• It depends on where you most often want to drive, and how heavy your vehicle is. Our relatively light 2WD drove on pothole-riddled asphalt, compacted gravel, loose gravel, sand beaches, steep hills with 20cm deep rain-soaked mud and did a few river crossings, and it mastered all of those. Of course, if you carry a heavy camper on top of your pick-up, having 4x4 may actually make the difference for you. We got stuck only once (in a huge mud puddle), but every 4x4 driver will tell you the same. We’ve driven many of the “so-called” 4x4 roads without problems. On one of them we even crossed a 3-wheeled TukTuk! :-P

Car Details

Basic Factsheet

  • year 2002, mileage 226’000km
  • V6 4.2l engine, unleaded gasoline octane 87+, not Diesel
  • fuel efficiency: 11 l/100km on the highway with AC on, obviously a bit more in city traffic/mountainous terrain.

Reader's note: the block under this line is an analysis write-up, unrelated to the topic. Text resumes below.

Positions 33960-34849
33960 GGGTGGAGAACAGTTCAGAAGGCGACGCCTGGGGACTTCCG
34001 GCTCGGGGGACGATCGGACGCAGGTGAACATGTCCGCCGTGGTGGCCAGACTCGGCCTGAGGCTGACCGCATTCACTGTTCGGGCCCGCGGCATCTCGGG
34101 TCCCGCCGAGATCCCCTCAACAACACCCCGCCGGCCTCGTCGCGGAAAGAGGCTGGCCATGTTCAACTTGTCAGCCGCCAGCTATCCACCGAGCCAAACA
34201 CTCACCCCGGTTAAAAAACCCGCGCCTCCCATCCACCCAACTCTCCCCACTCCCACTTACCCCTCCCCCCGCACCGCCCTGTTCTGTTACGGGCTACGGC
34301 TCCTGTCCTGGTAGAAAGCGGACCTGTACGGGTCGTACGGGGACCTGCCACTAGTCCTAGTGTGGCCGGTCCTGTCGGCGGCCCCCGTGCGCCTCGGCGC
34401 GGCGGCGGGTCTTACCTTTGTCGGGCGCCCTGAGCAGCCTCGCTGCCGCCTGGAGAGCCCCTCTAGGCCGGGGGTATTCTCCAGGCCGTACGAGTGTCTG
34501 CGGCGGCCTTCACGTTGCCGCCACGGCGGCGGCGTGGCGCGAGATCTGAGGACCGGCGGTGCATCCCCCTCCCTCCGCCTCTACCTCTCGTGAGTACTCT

• high clearance
  • rear-wheel drive
  • new light-truck tyres bought 15’000km ago
  • 95% tinted windows
  • large 90L+ gas tank -> a range of 760 km / 475 mi
  • 25l jerrycan
  • fits in a standard 2.20m/1.90m car park with/without jerry can
  • space for 50l of water
  • space for a week’s worth of food supplies

Comfortable Driving

  • super-powerful AC (Front and Rear!), heating
  • cruise control
  • automatic transmission, gears are manually selectable for driving downhill.
  • cooled drinks accessible from driving seats

Comfortable Living

  • an actual bed mattress 190x140x15cm like in your home
  • a thermal blanket for cold nights, light linens for hot nights. No need for sleeping bags!
  • enough headroom to dress while sitting or spend a rainy day inside
  • 6 individually controllable overhead spot lights (2 at front seats, 4 over the bed)